Stage Set for a Game of Snakes and Ladders at Kentucky

We are delighted to have Diarm Byrne of EquiRatings here at the Land Rover Kentucky Three-Day Event providing analysis on each day of the competition. Keep checking back for exclusive statistics from EquiRatings, and be sure to follow Facebook, Twitter and Instagram

How will the removal of the dressage multiplier affect three-time Kentucky winner fischerRocana FST? Photo by Leslie Threlkeld.

The 2018 Land Rover Kentucky Three-Day Event will be the first four-star since the removal of the dressage multiplier. The result of the removal of the multiplier is that dressage scores will be more tightly bunched going into the jumping phases. At this level, cross country will the most influential phase — with dressage just behind and then show jumping (dressage is still the main influencer when you look at the sport across all levels).

We are going to see much lower scores in the first phase; a 45 in the old system is a 30 now — so expect those top horses to be scoring in the 20s. If you want to break a dressage record, you need to hit the teens in the first phase, with Bettina Hoy’s 2009 dressage score on Ringwood Cockatoo being translated to a 19.2 dressage score in the new system.

But jaw-dropping dressage scores won’t be enough at this venue — it will be about finishing on that score. Make no mistake: This will be a test of who can add the least to their dressage score. Every second lost on the cross country course and every pole down in the show jumping is likely to see snakes and ladders on the leaderboard that we are not used to. Even the day before it begins, the data is suggesting this promises to be one of the most dramatic Kentuckys in recent years.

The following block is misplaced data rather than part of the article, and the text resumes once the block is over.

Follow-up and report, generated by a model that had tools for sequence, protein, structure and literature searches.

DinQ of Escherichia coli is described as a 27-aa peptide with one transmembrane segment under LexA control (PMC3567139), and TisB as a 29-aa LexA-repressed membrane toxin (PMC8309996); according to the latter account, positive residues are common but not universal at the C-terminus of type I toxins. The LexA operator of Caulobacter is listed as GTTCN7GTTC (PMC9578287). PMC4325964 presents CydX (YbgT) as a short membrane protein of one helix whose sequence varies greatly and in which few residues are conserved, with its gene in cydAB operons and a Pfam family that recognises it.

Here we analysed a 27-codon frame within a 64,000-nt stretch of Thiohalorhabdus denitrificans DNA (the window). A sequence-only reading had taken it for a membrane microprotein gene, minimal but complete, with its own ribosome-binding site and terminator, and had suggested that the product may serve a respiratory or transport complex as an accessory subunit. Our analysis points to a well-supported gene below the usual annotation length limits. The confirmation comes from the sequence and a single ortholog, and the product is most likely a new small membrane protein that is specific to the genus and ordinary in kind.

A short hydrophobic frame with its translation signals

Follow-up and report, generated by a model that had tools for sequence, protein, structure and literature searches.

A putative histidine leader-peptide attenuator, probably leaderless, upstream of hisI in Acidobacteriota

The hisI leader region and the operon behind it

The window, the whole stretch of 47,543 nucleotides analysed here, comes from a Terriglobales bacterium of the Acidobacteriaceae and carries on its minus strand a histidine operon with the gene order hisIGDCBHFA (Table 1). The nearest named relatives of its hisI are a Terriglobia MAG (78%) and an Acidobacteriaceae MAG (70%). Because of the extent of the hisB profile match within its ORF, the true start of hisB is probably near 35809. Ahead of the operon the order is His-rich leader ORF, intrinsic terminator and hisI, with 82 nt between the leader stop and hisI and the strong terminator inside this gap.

This will not be a dressage competition

The last time someone came from outside the top five after dressage to win at Kentucky was 2006 when Andrew Hoy and Master Monarch scored a 53.1 dressage and won. He was the only horse to finish on his dressage score (FOD) that year.

In recent years we have seen people get close to the front and stay there:

Position after dressage:

  • 2017 Winner: FISCHERROCANA FST – 2nd after dressage
  • 2016 Winner: FISCHERROCANA FST – Leader after dressage
  • 2015 Winner: FISCHERROCANA FST – 4th after dressage
  • 2014 Winner: BAY MY HERO – 2nd after dressage
  • 2013 Winner: QUIMBO – 2nd after dressage

However, the removal of the multiplier means things will be tighter going into Saturday morning, and there are many opportunities to add to that dressage score. Over the last three seasons, the average jumping clear rate in the cross country here is just 51% — and when you look over 10 seasons, it sits at 53% to make it the toughest of the four-star venues.

This is suggesting we are likely to see about 1 in every 2 get home without jumping penalties on cross country. The other 50% tends to split reasonably down the middle, with 25% being eliminated or retiring and 25% completing with jumping faults. Sunday will bring lots more people adding to their dressage score. In the last two years, a total of eight combinations have not added any show jumping faults! Eight! from 93 combinations! More on that in your Sunday update.

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